HOME TheInfoList.com
Providing Lists of Related Topics to Help You Find Great Stuff
[::MainTopicLength::#1500] [::ListTopicLength::#1000] [::ListLength::#15] [::ListAdRepeat::#3]

picture info

Urea
50g/L ethanol ~4 g/L acetonitrile[3]Basicity (pKb) 13.9[4] Magnetic susceptibility (χ)-33.4·10−6 cm3/molStructureDipole moment4.56 DThermochemistryCRC HandbookStd enthalpy of formation (ΔfHo298)-79.634 kcal/molGibbs free energy (ΔfG˚)-47.12 kcal/molPharmacologyATC codeB05BC02 (WHO) D02AE01 (WHO)HazardsSafety data sheet JT BakerNFPA 7041 2 0Flash point Non-flammableLethal dose or concentration (LD, LC):LD50 (median dose)8500 mg/kg (oral, rat)Related compoundsRelated ureasThiourea HydroxycarbamideRelated compounds
[...More...]

"Urea" on:
Wikipedia
Google
Yahoo

Preferred IUPAC Name
In chemical nomenclature, a preferred IUPAC
IUPAC
name (PIN) is a unique name, assigned to a chemical substance and preferred among the possible names generated by IUPAC
IUPAC
nomenclature. The "preferred IUPAC nomenclature" provides a set of rules for choosing between multiple possibilities in situations where it is important to decide on a unique name. It is intended for use in legal and regulatory situations.[1] Currently, preferred IUPAC
IUPAC
names are written only for part of the organic compounds (see below)
[...More...]

"Preferred IUPAC Name" on:
Wikipedia
Google
Yahoo

picture info

Safety Data Sheet
A safety data sheet (SDS),[1] material safety data sheet (MSDS), or product safety data sheet (PSDS) is an important component of product stewardship, occupational safety and health, and spill-handling procedures. SDS formats can vary from source to source within a country depending on national requirements. SDSs are a widely used system for cataloging information on chemicals, chemical compounds, and chemical mixtures. SDS information may include instructions for the safe use and potential hazards associated with a particular material or product. The SDS should be available for reference in the area where the chemicals are being stored or in use. There is also a duty to properly label substances on the basis of physico-chemical, health or environmental risk
[...More...]

"Safety Data Sheet" on:
Wikipedia
Google
Yahoo

CAS Registry Number
A CAS Registry Number,[1] also referred to as CASRN or CAS Number, is a unique numerical identifier assigned by the Chemical Abstracts Service (CAS) to every chemical substance described in the open scientific literature (currently including all substances described from 1957 through the present, plus some substances from the early or mid 1900s), including organic and inorganic compounds, minerals, isotopes, alloys and nonstructurable materials (UVCBs, of unknown, variable composition, or biological origin).[2] The Registry maintained by CAS is an authoritative collection of disclosed chemical substance information. It currently identifies more than 129 million organic and inorganic substances and 67 million protein and DNA sequences,[3] plus additional information about each substance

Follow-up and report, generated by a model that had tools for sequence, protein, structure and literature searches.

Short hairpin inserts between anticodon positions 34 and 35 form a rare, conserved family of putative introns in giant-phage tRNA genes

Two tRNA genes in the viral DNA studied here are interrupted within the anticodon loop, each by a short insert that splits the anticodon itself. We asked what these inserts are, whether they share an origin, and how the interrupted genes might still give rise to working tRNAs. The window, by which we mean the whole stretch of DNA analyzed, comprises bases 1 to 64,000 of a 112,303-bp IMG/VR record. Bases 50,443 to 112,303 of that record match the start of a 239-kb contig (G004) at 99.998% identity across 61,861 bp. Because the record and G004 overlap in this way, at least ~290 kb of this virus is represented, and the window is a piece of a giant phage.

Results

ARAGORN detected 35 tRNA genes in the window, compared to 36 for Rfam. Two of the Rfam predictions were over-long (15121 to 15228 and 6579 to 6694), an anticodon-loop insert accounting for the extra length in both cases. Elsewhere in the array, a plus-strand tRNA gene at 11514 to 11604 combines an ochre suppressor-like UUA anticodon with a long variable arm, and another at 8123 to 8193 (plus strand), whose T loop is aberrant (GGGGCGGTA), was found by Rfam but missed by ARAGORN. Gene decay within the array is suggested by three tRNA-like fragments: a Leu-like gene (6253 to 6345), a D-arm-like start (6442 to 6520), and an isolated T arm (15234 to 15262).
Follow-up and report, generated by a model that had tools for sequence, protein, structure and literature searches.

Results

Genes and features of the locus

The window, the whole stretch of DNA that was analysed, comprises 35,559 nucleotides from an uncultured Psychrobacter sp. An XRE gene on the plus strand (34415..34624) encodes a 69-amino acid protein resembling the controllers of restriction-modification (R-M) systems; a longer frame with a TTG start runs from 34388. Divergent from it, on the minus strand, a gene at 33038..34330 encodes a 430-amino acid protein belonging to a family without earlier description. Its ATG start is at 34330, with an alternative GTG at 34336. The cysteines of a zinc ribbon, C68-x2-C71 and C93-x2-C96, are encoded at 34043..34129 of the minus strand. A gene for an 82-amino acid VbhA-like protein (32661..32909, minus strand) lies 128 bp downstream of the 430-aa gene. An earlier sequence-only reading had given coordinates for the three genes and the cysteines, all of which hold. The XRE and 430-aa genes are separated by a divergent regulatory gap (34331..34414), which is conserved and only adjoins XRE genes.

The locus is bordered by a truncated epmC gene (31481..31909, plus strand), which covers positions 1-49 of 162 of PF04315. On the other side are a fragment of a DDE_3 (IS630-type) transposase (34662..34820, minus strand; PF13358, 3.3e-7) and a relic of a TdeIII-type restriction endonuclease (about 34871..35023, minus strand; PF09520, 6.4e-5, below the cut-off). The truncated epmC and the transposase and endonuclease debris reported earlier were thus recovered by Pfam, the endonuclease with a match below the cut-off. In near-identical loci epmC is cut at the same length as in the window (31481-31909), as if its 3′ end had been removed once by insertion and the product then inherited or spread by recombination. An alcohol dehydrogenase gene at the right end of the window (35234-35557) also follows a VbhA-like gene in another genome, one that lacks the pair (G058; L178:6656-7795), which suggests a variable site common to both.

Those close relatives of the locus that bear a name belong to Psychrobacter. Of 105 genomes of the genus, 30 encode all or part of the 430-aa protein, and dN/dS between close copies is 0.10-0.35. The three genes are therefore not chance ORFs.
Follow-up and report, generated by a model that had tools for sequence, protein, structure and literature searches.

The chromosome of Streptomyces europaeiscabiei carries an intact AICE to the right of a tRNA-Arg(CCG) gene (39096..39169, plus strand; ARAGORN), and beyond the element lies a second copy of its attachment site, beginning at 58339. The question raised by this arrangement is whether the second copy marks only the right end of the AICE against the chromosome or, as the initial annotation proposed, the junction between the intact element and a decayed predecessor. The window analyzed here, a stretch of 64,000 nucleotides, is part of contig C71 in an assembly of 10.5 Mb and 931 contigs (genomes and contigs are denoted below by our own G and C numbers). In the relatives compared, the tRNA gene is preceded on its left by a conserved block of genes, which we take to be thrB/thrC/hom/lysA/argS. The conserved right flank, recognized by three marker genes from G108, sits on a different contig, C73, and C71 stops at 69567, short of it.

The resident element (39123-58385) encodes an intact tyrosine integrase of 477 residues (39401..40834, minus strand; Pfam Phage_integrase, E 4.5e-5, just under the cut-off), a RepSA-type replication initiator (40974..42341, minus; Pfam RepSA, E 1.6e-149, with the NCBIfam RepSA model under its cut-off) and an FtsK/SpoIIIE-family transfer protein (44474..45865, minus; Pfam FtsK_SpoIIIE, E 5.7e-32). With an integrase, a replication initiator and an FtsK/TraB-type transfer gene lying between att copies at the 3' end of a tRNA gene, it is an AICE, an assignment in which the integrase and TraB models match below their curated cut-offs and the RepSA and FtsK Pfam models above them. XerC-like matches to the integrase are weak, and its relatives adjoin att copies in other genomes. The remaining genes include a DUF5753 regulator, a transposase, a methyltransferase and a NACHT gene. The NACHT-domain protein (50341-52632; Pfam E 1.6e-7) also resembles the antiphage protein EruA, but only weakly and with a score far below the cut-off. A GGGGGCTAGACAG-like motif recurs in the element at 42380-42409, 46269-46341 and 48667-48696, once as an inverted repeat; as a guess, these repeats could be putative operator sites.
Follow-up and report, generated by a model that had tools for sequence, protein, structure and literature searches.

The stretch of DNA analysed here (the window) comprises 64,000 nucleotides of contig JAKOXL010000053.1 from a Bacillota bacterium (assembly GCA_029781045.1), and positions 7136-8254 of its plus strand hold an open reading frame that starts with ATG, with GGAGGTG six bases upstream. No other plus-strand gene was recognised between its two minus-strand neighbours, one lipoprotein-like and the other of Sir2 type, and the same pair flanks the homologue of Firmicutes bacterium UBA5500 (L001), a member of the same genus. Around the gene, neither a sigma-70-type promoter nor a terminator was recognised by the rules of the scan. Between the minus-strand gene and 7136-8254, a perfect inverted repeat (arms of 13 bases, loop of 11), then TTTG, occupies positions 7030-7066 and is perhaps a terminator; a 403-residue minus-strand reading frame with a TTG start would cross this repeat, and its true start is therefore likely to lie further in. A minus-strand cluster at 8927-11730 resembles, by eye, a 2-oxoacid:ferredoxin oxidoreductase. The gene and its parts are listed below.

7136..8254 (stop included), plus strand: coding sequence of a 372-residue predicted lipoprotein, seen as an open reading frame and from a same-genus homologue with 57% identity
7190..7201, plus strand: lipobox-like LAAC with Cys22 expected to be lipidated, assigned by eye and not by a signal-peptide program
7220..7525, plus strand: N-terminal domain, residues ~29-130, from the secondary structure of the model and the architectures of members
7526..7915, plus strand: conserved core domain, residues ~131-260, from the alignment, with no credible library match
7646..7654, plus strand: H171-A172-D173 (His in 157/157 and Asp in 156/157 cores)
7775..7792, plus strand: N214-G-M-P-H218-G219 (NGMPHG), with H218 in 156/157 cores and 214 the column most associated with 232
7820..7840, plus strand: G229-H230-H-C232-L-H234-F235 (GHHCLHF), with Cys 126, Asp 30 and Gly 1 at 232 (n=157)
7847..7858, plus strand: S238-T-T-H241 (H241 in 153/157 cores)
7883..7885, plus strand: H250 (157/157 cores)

[...More...]

"CAS Registry Number" on:
Wikipedia
Google
Yahoo

Magnetic Susceptibility
In electromagnetism, the magnetic susceptibility (Latin: susceptibilis, "receptive"; denoted χ) is one measure of the magnetic properties of a material. The susceptibility indicates whether a material is attracted into or repelled out of a magnetic field, which in turn has implications for practical applications. Quantitative measures of the magnetic susceptibility also provide insights into the structure of materials, providing insight into bonding and energy levels. If the magnetic susceptibility is greater than zero, the substance is said to be "paramagnetic"; the magnetization of the substance is higher than that of empty space. If the magnetic susceptibility is less than zero, the substance is "diamagnetic"; it tends to exclude a magnetic field from its interior
[...More...]

"Magnetic Susceptibility" on:
Wikipedia
Google
Yahoo

Debye
The debye (symbol: D) (/dɛˈbaɪ/;[1] Dutch: [dəˈbɛiə]) is a CGS unit[2] (a non-SI metric unit) of electric dipole moment[note 1] named in honour of the physicist Peter J. W. Debye. It is defined as 1×10−18 statcoulomb-centimetre.[note 2] Historically the debye was defined as the dipole moment resulting from two charges of opposite sign but an equal magnitude of 10−10 statcoulomb[note 3] (generally called e.s.u. (electrostatic unit) in older literature), which were separated by 1 ångström.[note 4] This gave a convenient unit for molecular dipole moments.1 D  = 10−18 statC·cm= 10−10 esu·Å[note 2]= ​1⁄299,792,458×10−21 C·m[note 5]≈ 3.33564×10−30 C·m≈ 1.10048498×1023 qPlP≈ 0.393430307 ea0[3]≈ 0.20819434 eÅ≈ 0.020819434 e·nmTypical dipole moments for simple diatomic molecules are in the range of 0 to 11 D. Symmetric homoatomic species, e.g
[...More...]

"Debye" on:
Wikipedia
Google
Yahoo

picture info

Standard Enthalpy Change Of Formation
The standard enthalpy of formation or standard heat of formation of a compound is the change of enthalpy during the formation of 1 mole of the substance from its constituent elements, with all substances in their standard states. The standard pressure value po = 105 Pa (= 100 kPa = 1 bar) is recommended by IUPAC, although prior to 1982 the value 1.00 atm (101.325 kPa) was used.[1] There is no standard temperature. Its symbol is ΔfH⊖. The superscript Plimsoll on this symbol indicates that the process has occurred under standard conditions at the specified temperature (usually 25 °C or 298.15 K)
[...More...]

"Standard Enthalpy Change Of Formation" on:
Wikipedia
Google
Yahoo

Anatomical Therapeutic Chemical Classification System
The Anatomical Therapeutic
Therapeutic
Chemical (ATC) Classification System
System
is used for the classification of active ingredients of drugs according to the organ or system on which they act and their therapeutic, pharmacological and chemical properties. It is controlled by the World Health Organization Collaborating Centre for Drug
Drug
Statistics Methodology (WHOCC), and was first published in 1976.[1] This pharmaceutical coding system divides drugs into different groups according to the organ or system on which they act or their therapeutic and chemical characteristics. Each bottom-level ATC code stands for a pharmaceutically used substance, or a combination of substances, in a single indication (or use)